Patient Flu FAQ
Your flu questions answered
- Q: Why get vaccinated?
- A: Influenza (flu) is a contagious disease. It spreads from person-to-person through coughing or sneezing. Influenza can lead to pneumonia and can be dangerous for people with heart or breathing conditions. The seasonal flu strain kills 36,000 people, mostly elderly, each year in the United States.
- Q: Are flu shots available at Concentra?
- A: Beginning in September, you can walk into any Concentra Urgent Care location nationwide and get a seasonal flu shot, with no appointment necessary. One call to our toll-free Customer Care line — 866-944-6046 — lets you find the nearest Concentra Urgent Care and check hours. Our Customer Care line is available Mon - Fri 7:00 am - 7:00 pm Central.
- Q: Will Concentra provide vaccinations for pregnant women?
- A: Women who will be pregnant during the flu season are considered high risk for complications from influenza and should get the vaccine. Concentra will provide inactivated seasonal flu vaccinations for pregnant women.
- Q: What are the age requirements for providing vaccinations?
- A: The CDC recommends the annual seasonal flu vaccination for children aged 6 months and older. Concentra requires parental consent to administer vaccinations to minors; in most cases, age 18 is considered an adult, but that varies from state-to-state.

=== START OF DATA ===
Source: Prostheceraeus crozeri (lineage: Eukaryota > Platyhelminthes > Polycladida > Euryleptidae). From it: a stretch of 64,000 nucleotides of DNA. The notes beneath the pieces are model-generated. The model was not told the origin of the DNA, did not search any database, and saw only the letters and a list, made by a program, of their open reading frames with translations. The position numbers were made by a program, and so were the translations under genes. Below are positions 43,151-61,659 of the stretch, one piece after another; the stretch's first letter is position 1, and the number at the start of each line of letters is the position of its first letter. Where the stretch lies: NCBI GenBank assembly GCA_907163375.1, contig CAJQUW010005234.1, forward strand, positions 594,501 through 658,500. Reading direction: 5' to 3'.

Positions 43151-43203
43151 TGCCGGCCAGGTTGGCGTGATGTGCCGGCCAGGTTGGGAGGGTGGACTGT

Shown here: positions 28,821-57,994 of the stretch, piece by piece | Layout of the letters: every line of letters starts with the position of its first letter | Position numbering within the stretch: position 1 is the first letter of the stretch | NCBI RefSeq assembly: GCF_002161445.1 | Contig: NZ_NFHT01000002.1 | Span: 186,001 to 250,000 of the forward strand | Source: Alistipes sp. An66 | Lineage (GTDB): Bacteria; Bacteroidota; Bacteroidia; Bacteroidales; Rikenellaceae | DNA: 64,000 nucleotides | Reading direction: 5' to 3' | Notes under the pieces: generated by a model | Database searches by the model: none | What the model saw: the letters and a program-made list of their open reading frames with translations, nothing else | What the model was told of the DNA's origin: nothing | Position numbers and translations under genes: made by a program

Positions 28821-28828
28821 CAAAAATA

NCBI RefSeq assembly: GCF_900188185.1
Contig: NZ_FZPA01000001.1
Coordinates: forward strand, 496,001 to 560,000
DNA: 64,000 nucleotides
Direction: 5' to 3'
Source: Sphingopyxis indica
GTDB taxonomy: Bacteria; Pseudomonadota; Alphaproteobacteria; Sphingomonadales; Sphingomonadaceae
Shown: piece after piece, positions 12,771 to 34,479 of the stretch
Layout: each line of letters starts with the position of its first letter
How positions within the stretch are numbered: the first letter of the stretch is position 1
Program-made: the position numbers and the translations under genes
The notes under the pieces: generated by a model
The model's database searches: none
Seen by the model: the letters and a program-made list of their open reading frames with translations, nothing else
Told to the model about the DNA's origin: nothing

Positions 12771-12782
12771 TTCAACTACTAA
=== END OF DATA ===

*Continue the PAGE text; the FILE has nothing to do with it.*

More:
- Q: How is the vaccine administered?
- A: Concentra medical personnel will inject the vaccination into the upper arm of the patient. We recommend that patients wear clothing that allows easy access to the upper arm area.
- Q: How can I protect against the flu?
A: There are several important steps that anyone can take to protect themselves and their loved ones against the flu.
Wash hands frequently: This will lessen the chance of carrying or transmitting any viruses that normally get stuck on the hands in day-to-day activities. Try to avoid rubbing eyes or touching nose with dirty hands. Wash hands often with soap and water, especially after coughing or sneezing. Alcohol-based hand cleaners are also effective.
Avoid close contact with sick people and crowds and increase your distance from people who are coughing and sneezing (called “social distancing”). Keep at least a few feet distance if you have the flu or are interacting with someone who has the flu. The communicable distance for most flu viruses is about three feet, so keep clear of this radius in order to avoid spread.
Cover your nose and mouth with a tissue when you cough or sneeze and throw the tissue in the trash after using it. Try to teach your children to do the same. Influenza is thought to spread mainly person-to-person through coughing or sneezing of infected people.
If experiencing flu-like symptoms, don’t go out — stay at home. Call a health care provider, particularly if symptoms worsen.
Keep sick children out of school, and stay home from work if you are sick. Aside from providing needed rest, such absences protect others from catching whatever you or your child has.